Mixed reactions after Victoria’s Belfry Theatre cancels controversial play

Mixed reactions after Victoria's Belfry Theatre cancels controversial play

A University of Victoria professor thinks the Belfry Theatre made the right decision to cancel its play The Runner.

“I don’t believe in cancelling artists and scholars. I believe in free speech. It’s happening all around us,” said Fine Arts professor Conrad Alexandrowicz.

“How is it different from what happened with South Africa? It really is not that different,” he told CHEK News.

Scheduled to run at the Belfry during its Spark Festival in March, the play, which centres on a Z.A.K.A volunteer’s decision to save a Palestinian woman and leave a fatally wounded Israeli soldier behind, ignited protests in December.

Two online petitions with opposing viewpoints are still gathering signatures. More than 2,000 people signed Jonathan Gustin’s petition, which is in support of the play.

“I felt dejected. I felt scared. It’s a slippery slope when people can protest art and get it cancelled,” said Gustin.

“I think protesting is important, I think cancelling art is dangerous. I think it’s undemocratic. I think it’s unCanadian to censure art. I’m surprised that the Belfry chose to go that direction.”

TUESDAY STORY: Belfry Theatre announces controversial play set in Israel will not be presented

Graffiti that littered the theatre’s exterior is gone, but opinions are still split on The Runner, including from Victoria resident Ruby Wallace.

“I think art can bring people together. But I think a really big part of it is as much as you can bring some together, you can really hurt people,” said Wallace.

“Because it has such a powerful impact that you are going to end up hurting people.”

The Runner has been touring Canada for five years and won numerous awards since its debut in 2018.

In an interview released by the Belfry, playwright Christopher Morris explains that his one-man play focuses on the experience of an Israeli volunteer with Z.A.K.A — an ultra-Orthodox rescue service in Israel.

“I’m curious to see what happens to people when they are pushed to their absolute max,” said Morris.

The theatre announced Tuesday that, given the current situation in the Middle East, it cancelled the play. It added that “…going ahead with The Runner does not ensure the well-being of all segments of our community.”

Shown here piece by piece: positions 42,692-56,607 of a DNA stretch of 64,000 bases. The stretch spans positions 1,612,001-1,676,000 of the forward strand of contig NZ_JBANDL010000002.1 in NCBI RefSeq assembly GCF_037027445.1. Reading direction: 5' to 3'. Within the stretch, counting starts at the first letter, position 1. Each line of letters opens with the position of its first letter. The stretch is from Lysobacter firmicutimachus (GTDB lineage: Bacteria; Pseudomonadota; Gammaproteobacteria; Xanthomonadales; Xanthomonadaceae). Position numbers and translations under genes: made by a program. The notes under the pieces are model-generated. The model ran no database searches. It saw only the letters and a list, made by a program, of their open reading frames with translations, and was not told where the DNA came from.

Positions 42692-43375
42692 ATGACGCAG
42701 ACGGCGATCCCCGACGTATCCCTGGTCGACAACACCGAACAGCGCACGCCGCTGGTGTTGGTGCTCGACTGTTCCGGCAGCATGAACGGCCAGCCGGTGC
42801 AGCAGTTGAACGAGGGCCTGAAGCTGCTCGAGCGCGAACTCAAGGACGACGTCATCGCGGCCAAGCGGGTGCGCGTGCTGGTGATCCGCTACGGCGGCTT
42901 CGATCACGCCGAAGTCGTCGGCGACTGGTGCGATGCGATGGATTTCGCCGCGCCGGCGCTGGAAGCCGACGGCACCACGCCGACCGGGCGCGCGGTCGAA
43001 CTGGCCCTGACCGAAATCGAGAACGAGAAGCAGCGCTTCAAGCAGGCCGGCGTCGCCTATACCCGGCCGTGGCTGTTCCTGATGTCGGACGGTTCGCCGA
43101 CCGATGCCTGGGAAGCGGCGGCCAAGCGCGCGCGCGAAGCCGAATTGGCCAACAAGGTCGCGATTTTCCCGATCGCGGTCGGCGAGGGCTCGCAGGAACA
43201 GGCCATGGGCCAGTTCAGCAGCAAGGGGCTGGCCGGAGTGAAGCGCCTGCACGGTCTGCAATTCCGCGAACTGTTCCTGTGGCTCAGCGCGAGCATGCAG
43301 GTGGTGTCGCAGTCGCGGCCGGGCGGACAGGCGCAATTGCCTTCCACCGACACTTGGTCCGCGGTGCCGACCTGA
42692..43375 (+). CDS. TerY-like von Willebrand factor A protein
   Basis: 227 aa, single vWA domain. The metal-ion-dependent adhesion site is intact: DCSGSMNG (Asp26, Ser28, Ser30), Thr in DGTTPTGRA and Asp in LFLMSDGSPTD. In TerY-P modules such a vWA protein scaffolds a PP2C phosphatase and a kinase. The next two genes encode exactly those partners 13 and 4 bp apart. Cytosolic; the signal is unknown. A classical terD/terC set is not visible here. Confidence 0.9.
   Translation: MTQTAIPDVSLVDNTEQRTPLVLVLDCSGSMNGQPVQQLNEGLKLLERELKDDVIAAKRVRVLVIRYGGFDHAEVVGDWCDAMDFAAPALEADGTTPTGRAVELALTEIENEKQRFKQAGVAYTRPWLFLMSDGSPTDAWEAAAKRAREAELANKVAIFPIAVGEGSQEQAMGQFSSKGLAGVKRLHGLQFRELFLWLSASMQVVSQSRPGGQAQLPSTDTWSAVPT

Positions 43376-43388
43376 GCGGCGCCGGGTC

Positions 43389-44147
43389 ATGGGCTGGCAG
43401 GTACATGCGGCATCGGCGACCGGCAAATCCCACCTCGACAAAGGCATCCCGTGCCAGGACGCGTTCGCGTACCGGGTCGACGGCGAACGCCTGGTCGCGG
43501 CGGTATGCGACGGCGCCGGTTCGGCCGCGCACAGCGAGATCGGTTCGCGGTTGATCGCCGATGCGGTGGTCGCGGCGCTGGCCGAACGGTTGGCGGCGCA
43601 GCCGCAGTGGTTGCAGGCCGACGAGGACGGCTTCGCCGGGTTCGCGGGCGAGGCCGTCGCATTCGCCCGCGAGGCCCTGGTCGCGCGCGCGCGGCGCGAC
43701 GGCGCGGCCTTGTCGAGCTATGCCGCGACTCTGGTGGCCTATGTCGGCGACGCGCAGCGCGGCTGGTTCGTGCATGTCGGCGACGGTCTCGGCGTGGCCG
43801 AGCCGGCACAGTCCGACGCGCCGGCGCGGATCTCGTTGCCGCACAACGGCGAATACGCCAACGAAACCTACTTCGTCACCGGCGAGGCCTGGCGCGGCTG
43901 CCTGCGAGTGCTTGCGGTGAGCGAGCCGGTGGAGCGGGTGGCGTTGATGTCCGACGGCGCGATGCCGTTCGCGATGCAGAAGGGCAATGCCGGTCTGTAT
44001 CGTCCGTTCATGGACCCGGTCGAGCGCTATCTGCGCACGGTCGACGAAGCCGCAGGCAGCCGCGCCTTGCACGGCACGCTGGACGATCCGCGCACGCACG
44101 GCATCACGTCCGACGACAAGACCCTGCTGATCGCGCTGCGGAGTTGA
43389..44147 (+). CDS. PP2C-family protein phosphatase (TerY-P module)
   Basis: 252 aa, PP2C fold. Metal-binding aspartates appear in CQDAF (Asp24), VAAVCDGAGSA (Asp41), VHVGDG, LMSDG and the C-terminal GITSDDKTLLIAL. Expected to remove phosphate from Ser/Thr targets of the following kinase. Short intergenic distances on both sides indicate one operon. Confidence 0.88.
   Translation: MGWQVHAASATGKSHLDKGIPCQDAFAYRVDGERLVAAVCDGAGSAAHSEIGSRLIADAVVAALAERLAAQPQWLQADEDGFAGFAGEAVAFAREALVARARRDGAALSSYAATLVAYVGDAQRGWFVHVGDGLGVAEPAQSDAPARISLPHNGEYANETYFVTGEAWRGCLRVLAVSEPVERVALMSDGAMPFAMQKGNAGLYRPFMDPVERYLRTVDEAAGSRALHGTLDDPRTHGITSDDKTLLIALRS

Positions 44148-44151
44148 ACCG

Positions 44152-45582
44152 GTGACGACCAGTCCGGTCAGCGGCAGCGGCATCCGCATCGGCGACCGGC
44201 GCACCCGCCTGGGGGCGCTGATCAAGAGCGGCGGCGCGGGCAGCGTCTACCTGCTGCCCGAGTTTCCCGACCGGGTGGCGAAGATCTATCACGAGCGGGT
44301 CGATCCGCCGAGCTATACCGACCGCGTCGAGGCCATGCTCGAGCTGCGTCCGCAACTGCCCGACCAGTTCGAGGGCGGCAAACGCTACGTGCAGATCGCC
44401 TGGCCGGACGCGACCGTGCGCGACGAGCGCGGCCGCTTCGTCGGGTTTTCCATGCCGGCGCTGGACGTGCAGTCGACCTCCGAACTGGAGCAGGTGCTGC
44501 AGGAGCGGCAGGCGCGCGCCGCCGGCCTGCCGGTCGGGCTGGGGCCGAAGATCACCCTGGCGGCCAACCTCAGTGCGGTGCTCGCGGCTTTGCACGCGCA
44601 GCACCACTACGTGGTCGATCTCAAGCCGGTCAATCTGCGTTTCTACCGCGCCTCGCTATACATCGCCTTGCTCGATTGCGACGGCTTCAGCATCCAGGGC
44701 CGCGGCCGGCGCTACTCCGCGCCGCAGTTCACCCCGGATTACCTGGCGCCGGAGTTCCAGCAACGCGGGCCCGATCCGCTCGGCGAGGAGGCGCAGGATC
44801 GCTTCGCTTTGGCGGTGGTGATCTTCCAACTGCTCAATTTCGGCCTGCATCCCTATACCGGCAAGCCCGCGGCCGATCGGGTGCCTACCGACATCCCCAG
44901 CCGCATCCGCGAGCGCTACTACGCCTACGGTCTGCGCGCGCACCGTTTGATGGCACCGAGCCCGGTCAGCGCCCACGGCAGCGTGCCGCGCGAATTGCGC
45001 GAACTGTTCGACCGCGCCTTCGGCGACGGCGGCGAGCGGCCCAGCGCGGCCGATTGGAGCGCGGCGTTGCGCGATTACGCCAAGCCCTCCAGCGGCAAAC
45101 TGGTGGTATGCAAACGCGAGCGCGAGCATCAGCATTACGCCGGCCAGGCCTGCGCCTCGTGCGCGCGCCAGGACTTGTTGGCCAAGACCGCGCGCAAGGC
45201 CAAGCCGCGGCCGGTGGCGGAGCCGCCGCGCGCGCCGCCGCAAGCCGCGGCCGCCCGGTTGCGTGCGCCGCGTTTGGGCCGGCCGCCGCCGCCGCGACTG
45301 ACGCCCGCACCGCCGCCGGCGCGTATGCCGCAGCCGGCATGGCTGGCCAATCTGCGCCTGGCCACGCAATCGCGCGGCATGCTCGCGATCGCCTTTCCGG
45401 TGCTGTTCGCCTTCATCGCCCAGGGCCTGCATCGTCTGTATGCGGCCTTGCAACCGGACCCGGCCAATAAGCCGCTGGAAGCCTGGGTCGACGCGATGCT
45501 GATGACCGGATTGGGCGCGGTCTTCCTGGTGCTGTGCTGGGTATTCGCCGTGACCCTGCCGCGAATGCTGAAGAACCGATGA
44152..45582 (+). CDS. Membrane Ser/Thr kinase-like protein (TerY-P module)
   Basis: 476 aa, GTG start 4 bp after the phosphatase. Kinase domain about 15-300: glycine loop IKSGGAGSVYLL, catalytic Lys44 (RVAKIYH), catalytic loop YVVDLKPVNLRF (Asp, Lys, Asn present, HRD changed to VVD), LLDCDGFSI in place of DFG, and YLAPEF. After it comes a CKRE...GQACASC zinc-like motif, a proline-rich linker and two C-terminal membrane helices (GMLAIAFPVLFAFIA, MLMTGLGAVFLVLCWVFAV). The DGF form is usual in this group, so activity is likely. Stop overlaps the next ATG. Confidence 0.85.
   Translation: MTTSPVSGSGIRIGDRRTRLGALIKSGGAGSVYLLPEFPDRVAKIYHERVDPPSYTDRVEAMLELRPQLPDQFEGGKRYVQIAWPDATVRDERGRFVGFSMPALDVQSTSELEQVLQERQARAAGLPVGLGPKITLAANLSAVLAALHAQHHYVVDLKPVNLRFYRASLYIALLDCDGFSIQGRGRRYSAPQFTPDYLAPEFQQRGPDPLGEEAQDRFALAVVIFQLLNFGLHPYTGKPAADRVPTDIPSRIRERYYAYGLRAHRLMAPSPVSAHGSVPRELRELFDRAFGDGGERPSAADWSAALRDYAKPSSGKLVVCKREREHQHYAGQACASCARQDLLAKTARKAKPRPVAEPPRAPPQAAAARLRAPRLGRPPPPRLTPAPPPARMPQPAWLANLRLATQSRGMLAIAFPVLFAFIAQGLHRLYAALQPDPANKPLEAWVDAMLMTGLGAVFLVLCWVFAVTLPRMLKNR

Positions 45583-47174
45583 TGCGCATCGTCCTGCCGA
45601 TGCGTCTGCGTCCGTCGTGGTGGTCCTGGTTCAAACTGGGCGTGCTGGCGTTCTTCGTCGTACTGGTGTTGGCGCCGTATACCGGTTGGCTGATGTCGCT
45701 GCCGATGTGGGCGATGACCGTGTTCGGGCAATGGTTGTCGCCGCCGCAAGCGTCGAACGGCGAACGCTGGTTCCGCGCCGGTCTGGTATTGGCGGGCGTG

In a statement to CHEK News, Morris writes:

“As a playwright who values the role of theatre as a platform to explore ideas about the complexities of life, I was disappointed to learn that The Belfry removed The Runner from its programming. I also empathize with the challenging situation they were facing. I am saddened that people in Victoria – especially those with very divergent views and those traumatized by the atrocities in Israel and Gaza – will be denied the opportunity to come together in a theatre to explore their common humanity, share their grief and perhaps discover a flicker of solace and hope.

“Since it premiered in 2018, my play The Runner has been seen by audiences in six cities, and received numerous awards and unanimous critical acclaim. I am humbled that theatre companies have produced this play, which is a nuanced and thoughtful conversation about the preciousness of human life. Their endorsement tells me that they also see its effectiveness in creating a dialogue with their audience.

“I am deeply traumatized and saddened by humankind’s capacity to wage war. As a Canadian, I want our politicians to do all they can to make the violence in Gaza and Israel stop. I hope theatre companies and playwrights do all they can to give audiences the opportunity for dialogue and to build bridges between our silos. I believe The Runner is an excellent opportunity for those things to happen. And Vancouver audiences will get the chance to experience this production in a few weeks at the upcoming Push Festival.”

Mary GriffinMary Griffin

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